Wrangling a pig—even a virtual one—is much easier if you get a friend to help. This much seems clear from a contest organized by Microsoft researchers to test how artificially intelligent agents could cooperate to solve tricky problems. How best to cooperate with your pig-wrangling pal is another question.
The competition addresses an area of artificial intelligence that has had relatively little attention so far. AI researchers often develop software capable of performing a specific human task, such as playing chess or Go, and then measure it according to its ability to defeat a human player. However, a great deal of human intelligence involves communication, social intelligence, and theory of mind, or the ability to anticipate and interpret another intelligent agent’s intentions.
The project also hints at how humans and AI systems might eventually work together to achieve more than the sum of their parts. “This is part of a broader trend of rethinking AI as augmented intelligence rather than artificial intelligence,” says Oren Etzioni, CEO of the Allen Institute for Artificial Intelligence.
For the Microsoft contest, AI agents worked together inside Project Malmo, a special version of the open-ended computer game Minecraft. Microsoft’s researcher designed this environment to make it straightforward to import and test different AI techniques. Much further progress will be needed before AI agents can team up in useful ways or assist humans, but the contest offers a way to test some early ideas.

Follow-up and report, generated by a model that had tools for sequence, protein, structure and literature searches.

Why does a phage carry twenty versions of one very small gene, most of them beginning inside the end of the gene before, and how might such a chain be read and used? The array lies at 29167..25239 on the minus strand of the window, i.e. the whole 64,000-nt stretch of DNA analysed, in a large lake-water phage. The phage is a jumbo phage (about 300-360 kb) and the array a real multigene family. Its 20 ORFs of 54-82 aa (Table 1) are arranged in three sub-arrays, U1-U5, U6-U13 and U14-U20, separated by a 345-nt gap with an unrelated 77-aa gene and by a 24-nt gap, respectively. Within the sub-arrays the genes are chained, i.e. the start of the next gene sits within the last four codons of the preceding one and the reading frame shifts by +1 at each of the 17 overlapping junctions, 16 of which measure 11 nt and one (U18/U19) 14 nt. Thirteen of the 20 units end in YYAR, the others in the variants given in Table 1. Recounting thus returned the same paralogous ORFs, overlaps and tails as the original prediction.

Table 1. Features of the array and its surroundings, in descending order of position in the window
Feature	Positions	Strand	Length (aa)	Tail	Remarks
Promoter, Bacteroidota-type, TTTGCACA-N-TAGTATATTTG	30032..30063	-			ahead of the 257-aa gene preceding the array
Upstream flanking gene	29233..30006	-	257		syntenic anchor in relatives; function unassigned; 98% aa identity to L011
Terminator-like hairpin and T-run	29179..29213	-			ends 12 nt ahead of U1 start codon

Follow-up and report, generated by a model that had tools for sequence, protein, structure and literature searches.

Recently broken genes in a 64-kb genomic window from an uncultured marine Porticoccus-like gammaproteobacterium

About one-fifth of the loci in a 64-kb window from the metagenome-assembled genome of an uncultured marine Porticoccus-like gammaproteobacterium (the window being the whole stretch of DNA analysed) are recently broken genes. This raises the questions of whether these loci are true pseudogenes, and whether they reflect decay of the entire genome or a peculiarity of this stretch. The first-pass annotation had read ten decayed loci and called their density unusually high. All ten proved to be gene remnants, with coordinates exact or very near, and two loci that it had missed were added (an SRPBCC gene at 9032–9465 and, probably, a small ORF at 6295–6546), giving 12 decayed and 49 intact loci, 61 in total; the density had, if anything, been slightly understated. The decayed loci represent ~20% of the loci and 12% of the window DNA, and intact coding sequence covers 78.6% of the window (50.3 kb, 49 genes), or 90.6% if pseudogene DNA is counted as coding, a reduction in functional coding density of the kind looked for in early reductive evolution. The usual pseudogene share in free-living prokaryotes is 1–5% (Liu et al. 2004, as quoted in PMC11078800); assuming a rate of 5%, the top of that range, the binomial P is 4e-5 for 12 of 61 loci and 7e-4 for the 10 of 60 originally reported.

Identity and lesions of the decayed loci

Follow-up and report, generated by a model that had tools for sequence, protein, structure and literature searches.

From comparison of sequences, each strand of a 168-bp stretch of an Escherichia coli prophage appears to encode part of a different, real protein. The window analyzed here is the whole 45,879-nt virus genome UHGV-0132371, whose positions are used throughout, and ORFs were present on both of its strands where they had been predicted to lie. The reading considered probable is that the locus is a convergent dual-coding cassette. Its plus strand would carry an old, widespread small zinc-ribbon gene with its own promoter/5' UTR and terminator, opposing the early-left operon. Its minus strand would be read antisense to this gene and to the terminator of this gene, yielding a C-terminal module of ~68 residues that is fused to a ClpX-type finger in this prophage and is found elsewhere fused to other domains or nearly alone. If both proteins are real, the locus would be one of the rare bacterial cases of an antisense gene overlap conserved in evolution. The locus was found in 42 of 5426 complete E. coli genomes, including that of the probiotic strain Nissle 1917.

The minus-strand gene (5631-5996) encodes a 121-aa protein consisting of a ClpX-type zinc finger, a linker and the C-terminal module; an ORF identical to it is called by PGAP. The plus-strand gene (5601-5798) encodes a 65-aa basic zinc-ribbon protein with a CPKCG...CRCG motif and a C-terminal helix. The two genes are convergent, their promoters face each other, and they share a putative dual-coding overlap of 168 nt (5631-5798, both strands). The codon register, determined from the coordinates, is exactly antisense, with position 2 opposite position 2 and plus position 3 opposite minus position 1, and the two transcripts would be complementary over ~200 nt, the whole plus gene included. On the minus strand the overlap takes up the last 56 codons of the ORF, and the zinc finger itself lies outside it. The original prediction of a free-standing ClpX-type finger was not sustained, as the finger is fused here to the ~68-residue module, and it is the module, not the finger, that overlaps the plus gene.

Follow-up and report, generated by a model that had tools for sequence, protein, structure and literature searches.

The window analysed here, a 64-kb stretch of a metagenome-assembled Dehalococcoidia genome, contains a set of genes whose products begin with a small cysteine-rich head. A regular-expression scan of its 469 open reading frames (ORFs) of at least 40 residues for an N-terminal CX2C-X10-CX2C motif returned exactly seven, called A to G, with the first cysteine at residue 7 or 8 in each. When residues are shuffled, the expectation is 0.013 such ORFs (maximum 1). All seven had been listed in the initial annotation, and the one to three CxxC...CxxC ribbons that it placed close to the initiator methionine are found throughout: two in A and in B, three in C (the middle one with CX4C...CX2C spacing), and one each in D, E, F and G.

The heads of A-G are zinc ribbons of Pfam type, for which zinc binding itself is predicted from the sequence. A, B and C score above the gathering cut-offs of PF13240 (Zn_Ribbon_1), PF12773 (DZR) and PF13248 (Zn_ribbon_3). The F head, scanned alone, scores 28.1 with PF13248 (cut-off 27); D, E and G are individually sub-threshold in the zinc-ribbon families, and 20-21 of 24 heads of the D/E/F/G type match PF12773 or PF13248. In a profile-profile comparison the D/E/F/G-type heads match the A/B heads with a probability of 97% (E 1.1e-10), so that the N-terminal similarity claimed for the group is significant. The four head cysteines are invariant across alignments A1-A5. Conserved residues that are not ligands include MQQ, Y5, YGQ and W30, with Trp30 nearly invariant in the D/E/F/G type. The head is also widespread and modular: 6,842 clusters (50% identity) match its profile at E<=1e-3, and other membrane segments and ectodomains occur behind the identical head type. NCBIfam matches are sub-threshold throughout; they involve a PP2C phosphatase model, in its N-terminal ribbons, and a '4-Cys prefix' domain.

For the competition, agents could try to control and catch an unruly virtual pig either on their own or by teaming up with another AI agent, earning points each time.
The top teams in the Malmo Collaborative AI Challenge used cutting-edge machine-learning approaches such as deep learning to train their agents to work together. This entailed feeding them large amounts of data. But some participants also made use of older, less fashionable approaches that involve give a virtual agent hard-coded knowledge and understanding.
The winners of the contest, a team from the University of Oxford in the U.K., used reinforcement learning, a kind of machine learning inspired by the way animals learn through experimentation (see “10 Breakthrough Technologies: Reinforcement Learning”). Their agents experienced positive reinforcement whenever they successfully worked together to grab the pig.
Katja Hofmann, the lead researcher on Microsoft’s Malmo project, notes that many teams combined different approaches. “There was no single type of approach that emerged as a clear winner,” she adds, saying it’s likely that hybrid approaches “will prove particularly promising directions for future research.”
The pig-wrestling challenge takes inspiration from a thought experiment known as the Stag Hunt, which explores concepts within game theory, a branch of mathematics concerned with cooperation and negotiation strategies. The idea is that two hunters must decide whether to hunt a hare on their own or team up to snag the bigger prize of a stag.
The top teams involved in the contest, judged according to the score they achieved as well as the novelty of their work, will receive a $20,000 research grant and a place at Microsoft’s Research AI Summer School.
Pedro Domingos, a professor at the University of Washington who studies machine learning and data mining, says training AI software inside simulated environments has its drawbacks. Software can become overoptimized for that particular environment and therefore less useful in the real world, he says, although more sophisticated simulated worlds are starting to change this.
Domingos adds that cooperation between humans is so complex and subtle that it is hard to imagine the Microsoft project producing genuinely useful approaches. However, despite some skepticism, he is encouraged by the project.
“It’s still early days in this area, and Minecraft is an environment with a lot of possibilities,” Domingos says. “[It’s] richer than things that have been used before, so it certainly seems worth trying.”